“In the establishment of the state we’ve climbed a steep mountain,” Israel’s first prime minister, David Ben Gurion, wrote in his memoirs in the early 1960s. “We no longer have the choice of staying put. We will either roll down into the abyss, or we will move up the mountain to the top.”
At the invitation of Makor Rishon, the current prime minister, Benjamin Netanyahu, wrote a personal letter to his heroic predecessor, headlined, “Ben-Gurion, We’re Moving Up the Mountain.”
“Your declaration of independence gave the Jewish people a tremendous thing: national sovereignty in the homeland after more than two thousand years,” Netanyahu began his letter. Then, from his unique point of view, he added: “I know the amount of responsibility that was on your shoulders. It demanded a deep awareness of the dangers involved in the establishment of the state because of the immediate threat of the Arab armies invading from all sides.”
And, obviously reflecting on his own political experience, Netanyahu wrote: “It required ignoring the warnings and pressures directed at you at home and abroad to avoid the bold step. At this fateful juncture, you have decided in favor of Israel’s independence, in accordance with the basic rule that always guided you: the fate of Zionism will be determined in Zion.”
The new prime minister also informed the old prime minister of the radical changes in Israel’s political map since he had gone to a better place: “Four years after you died, there was a political upheaval in the country, but you shouldn’t feel bad about it – the transfer of power from the heirs of Mapai (Ben Gurion’s old Workers of Eretz Israel party, which he left in a huff in 1963) to the followers of the Herut movement (which Ben Gurion loathed, once used a cannon to fire at, and never addressed its leader, Menachem Begin, by name) deepened the democratization of Israel and generated other positive changes that contributed to the overall balance of our strength.”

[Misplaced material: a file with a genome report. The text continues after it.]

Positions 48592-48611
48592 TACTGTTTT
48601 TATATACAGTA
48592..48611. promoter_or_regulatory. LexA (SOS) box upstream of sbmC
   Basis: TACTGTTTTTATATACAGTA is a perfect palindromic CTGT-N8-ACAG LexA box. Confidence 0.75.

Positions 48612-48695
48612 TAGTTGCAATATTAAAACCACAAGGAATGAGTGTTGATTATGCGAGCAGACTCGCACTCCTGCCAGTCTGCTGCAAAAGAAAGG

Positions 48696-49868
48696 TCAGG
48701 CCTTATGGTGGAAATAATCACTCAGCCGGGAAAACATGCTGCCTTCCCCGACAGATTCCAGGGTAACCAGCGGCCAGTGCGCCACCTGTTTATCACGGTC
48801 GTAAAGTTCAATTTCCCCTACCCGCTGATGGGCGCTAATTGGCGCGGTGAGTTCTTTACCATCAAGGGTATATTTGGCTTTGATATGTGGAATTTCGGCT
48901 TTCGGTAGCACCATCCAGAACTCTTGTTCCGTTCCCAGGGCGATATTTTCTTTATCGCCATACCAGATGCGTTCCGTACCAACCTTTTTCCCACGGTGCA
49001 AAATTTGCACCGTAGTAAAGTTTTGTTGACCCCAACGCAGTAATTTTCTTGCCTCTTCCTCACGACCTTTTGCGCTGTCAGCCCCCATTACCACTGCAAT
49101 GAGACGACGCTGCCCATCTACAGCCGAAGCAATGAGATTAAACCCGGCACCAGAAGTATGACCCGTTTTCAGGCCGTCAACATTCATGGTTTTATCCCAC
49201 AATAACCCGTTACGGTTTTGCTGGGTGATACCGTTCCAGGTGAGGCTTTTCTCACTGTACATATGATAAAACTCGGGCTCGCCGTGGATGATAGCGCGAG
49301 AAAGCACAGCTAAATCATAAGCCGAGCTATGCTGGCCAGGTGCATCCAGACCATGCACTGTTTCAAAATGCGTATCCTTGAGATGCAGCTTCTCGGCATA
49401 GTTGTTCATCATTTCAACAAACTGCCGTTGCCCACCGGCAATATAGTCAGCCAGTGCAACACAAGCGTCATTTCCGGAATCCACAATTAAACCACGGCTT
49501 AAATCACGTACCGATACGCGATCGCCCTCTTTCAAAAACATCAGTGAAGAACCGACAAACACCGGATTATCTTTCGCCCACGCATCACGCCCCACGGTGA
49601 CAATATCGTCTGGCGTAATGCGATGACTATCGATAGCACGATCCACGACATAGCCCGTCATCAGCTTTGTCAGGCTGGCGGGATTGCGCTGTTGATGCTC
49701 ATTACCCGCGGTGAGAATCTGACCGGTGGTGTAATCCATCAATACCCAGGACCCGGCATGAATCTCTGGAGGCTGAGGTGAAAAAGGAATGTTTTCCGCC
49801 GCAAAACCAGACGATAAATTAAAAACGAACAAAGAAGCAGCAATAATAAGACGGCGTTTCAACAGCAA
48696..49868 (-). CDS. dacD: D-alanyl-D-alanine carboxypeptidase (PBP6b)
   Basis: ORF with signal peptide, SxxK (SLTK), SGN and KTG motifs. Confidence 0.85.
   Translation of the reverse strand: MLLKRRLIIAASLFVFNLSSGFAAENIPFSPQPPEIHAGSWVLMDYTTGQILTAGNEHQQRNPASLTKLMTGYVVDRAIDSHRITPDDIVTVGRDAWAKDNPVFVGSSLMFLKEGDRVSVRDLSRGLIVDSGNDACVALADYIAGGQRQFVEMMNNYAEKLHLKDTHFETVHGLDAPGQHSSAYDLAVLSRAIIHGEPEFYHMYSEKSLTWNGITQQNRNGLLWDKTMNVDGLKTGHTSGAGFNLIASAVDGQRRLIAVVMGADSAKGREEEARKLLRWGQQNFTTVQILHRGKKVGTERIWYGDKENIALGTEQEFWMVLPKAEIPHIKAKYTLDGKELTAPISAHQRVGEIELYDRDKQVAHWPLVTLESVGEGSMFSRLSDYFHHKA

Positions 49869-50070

“Despite the criticism, Israeli democracy is strong,” Netanyahu continued. “It overcame the terrible tragedy of the assassination of Prime Minister Yitzhak Rabin, and the government continues to be determined by the public in free and fair elections time after time.”
For the record, Ben Gurion disliked Rabin intensely because of factional politics, and in his capacity as Defense Minister held back his career advancement. Rabin was finally promoted to IDF chief of staff only after Ben Gurion’s final and permanent resignation from Government.
Netanyahu continued to describe to his predecessor the peace treaties with Egypt and Jordan, the enormous investments in making the IDF by far the strongest military force in the region, and the unprecedented growth of Israel’s economy under the free market conditions introduced by the Likud.
It would be interesting to hear Ben Gurion, a devout Socialist who saw no problem in resorting to Bolshevik methods, opine about Israel’s new economy. And would he be thrilled by the country’s stunning technological progress? Remember, it was Ben Gurion who blocked the attempts to introduce Television in Israel (the country inaugurated its single, state-owned channel, black & white only, in 1966, after the great founder had gone home).
The current PM ended his letter to the first PM with good news: “In 1949, you officially declared that Jerusalem was the capital of Israel, and firmly rejected the proposals to turn it into an international city. The circle was recently closed: US President Donald Trump issued a historic declaration and officially recognized Jerusalem as the capital of Israel. He even announced that he would soon move his country’s embassy to our eternal and united capital.”
Of course, some folks would probably be willing to pay a lot to find out what David Ben Gurion would have thought of Donald Trump.